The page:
Sunday, February 1, 2009

Lab #4

Lab #4

This is a survey that was taken by students at Salem College. The question was asked “If you saw a stranger drop a $20 bill, would you be trusted to return it?

Here are the results:
5 students out of 7 students say that they would return the $20
While only 2 out of 7 students claimed that they would not be trusted to return the dollar.

This survey may be inaccurate since most forms of dishonesty are either aversive, or the person being dishonest would never openly admit it. Either way, I think most people could be trusted to return the $20 dollar bill simply because it’s “the right thing to do.”

Lab #18

For this lab, I created a poster with a quote from William Drummond:
“A lie is a lie, even if everyone believes it. The truth is the truth, even if nobody believes it.”

At the bottom of the poster I requested that people write a response to this quote. I took the poster to Salem college and left it in the cafeteria for awhile, then a few hours later I went to retrieve the poster.

Blogger won't let me upload the photo of the poster, but i will be sharing the poster in class and show everyone the responses from students at Salem College about "Political Honesty."

Saturday, January 31, 2009

Lab #21

Here is a poem i wrote about social capital, it's called "The Garden."

The Garden

We live like flowers in a social garden
As we stem from our roots, and gather sunlight.
Our words travel like the butterfly, who gathers nectar
and distributes it to the next weakest flower.

But there will always be a single lonely flower
Who stems from a different seed, and becomes eager
to live like the rest of the flowers in the garden.
But these flowers are rejected, their pedals left to wilt.


Lab #6

There are many factors leading to a less friendly-oriented society. Here are a few reasons why I believe our social capital is declining.

1. Think of the things people need to do to simply live. Everyone's time for fun is steadily declining, and people don’t have time to give attention to every individual they know in their life. Considering all the networking niches on the internet, you’d guess people would have more friends with MySpace, Facebook, etc. People become friends because of commonalities, and generally our commonalities tend to stem from the media and become dependant on it everyday. Moreover, it's not so much an issue of media consuming your mind that's the main cause--it's the trend of what's being shown.

2. I notice that people today are generally closed off from the world around them, and are only interested in one thing—to remain in their own protective shell, closed off from every single idea which seeks to threaten their current way of life. In a world of ideas which are constantly becoming more diverse, we can’t afford to become intolerant of other people’s ideas, simply because they are different from our own. No two conflicting ideologies in history have coexisted while being simultaneously beneficial to the progression of society. This is why social capital is so important in the first place—to create a society where people are able to come together and discuss their ideas in a positive way, without fear of prejudice or rejection.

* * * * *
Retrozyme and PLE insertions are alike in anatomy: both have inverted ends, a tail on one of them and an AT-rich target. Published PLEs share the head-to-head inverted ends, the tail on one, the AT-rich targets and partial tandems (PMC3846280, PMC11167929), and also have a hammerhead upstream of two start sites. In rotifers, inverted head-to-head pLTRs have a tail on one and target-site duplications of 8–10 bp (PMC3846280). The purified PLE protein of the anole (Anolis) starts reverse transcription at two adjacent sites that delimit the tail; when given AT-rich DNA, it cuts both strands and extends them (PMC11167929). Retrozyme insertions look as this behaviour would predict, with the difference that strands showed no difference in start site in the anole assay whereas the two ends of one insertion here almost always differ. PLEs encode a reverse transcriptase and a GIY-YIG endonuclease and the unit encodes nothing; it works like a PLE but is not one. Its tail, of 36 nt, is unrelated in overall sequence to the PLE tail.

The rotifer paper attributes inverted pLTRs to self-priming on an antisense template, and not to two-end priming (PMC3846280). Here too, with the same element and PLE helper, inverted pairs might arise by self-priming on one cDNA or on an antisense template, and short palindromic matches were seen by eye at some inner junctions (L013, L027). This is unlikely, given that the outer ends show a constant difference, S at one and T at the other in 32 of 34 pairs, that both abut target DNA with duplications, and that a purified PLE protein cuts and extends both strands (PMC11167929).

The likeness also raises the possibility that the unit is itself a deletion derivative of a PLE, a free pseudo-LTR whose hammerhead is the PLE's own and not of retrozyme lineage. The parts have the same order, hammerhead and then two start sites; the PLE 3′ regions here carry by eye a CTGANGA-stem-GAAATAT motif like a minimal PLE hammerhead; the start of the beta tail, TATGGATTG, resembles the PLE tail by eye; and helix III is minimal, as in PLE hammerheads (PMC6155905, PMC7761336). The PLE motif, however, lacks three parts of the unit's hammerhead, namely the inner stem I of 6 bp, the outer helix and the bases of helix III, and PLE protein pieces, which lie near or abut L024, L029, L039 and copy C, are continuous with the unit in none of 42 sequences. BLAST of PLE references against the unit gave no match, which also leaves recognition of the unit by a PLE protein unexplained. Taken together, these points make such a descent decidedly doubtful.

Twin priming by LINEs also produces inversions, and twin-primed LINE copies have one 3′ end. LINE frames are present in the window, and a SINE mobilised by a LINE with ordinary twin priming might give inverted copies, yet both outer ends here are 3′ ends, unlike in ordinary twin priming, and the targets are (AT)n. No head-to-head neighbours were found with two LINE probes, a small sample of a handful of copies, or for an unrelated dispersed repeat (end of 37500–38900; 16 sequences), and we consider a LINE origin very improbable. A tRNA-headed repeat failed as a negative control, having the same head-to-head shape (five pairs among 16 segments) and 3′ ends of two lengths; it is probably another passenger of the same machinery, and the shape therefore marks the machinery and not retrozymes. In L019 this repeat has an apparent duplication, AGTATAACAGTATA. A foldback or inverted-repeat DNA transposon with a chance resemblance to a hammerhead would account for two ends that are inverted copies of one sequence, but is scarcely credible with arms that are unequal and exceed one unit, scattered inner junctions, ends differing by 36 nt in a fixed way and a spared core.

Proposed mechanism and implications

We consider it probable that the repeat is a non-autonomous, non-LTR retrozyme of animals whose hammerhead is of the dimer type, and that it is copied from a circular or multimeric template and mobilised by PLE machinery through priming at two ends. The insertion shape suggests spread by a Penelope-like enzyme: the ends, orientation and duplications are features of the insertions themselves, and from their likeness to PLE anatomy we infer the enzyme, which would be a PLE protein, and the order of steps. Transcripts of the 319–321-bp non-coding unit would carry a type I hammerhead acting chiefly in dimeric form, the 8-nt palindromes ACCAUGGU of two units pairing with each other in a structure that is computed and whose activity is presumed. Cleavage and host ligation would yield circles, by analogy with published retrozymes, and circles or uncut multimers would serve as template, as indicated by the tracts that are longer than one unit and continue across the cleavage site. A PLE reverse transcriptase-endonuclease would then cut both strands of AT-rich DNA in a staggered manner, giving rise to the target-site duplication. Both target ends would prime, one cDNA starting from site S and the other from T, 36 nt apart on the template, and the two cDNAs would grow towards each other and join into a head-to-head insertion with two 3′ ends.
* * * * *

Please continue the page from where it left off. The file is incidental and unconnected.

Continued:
3. The main reason for the implication of fewer friends in social capital is because when it comes to meeting new people, we are generally restricted to a small pool of people who belong to a social group. Whether it’s the artsy kids, or the sports fanatics, we generally focus only on the differences between people whose commonalities are rarely looked at because of a focus on the “group” mentality. In the end, we are much more alike than group-related stereotypes would allow us to believe.

Lab #14

For this lab i interviewed Jonathan Layne, an internet friend from NYC who i've known for 3 years. Jonathan comes from a chinese lineage but he is more "americanized" than the rest of his family.

First question: how does your chinese lineage/culture affect your day to day life?:
Answer: i'm not culturally associated with my race at all. i'm supposedly genetically related, thus i look chinese. that's about it. my parents are both chinese but they've grown up in guyana. their guyanese culture hasn't rubbed off on me as much as the TV and internet does. my mom sometimes mockingly says to me, "you're so american"

Second question: do people avoid you in social situations because of racial stereotypes or racial difference in general?
Answer: stereotypical identities tend to be applied to me in occasions of humorous discussion. on an honest level, people i encounter don't directly avoid me because of my racial demographic. if so, probably aversively. who knows, people act differently if you look a certain way.

Third question: do YOU find yourself avoiding social situations with people of different racial background?
Answer: no, racial background doesnt prevent me from interracting with people. i am not presumptuous of people's character based on a group that looks physically identical. i approach people on an individual level. i recognize that many of the trends that might lead to someone answering “yes” to this question are generally true but it's not a healthy way to recognize people authentically.

Fourth question: what does social capital look like in the big city?
Answer: the city doesnt help my chances of gaining friends. i find it awkward to figure that out. randomly finding some friend in the city varies on rare occasions, as i am not interested in the activities done in the city. therefore my chances of finding something in common with people in the city is low. my social capital consists of internet culture, mainly small memes that only people associated with videogames would recognize. otherwise, internet = everything. wikipedia + man = pseudo-intellectual.

Tuesday, January 27, 2009

Welcome

11:30

Blake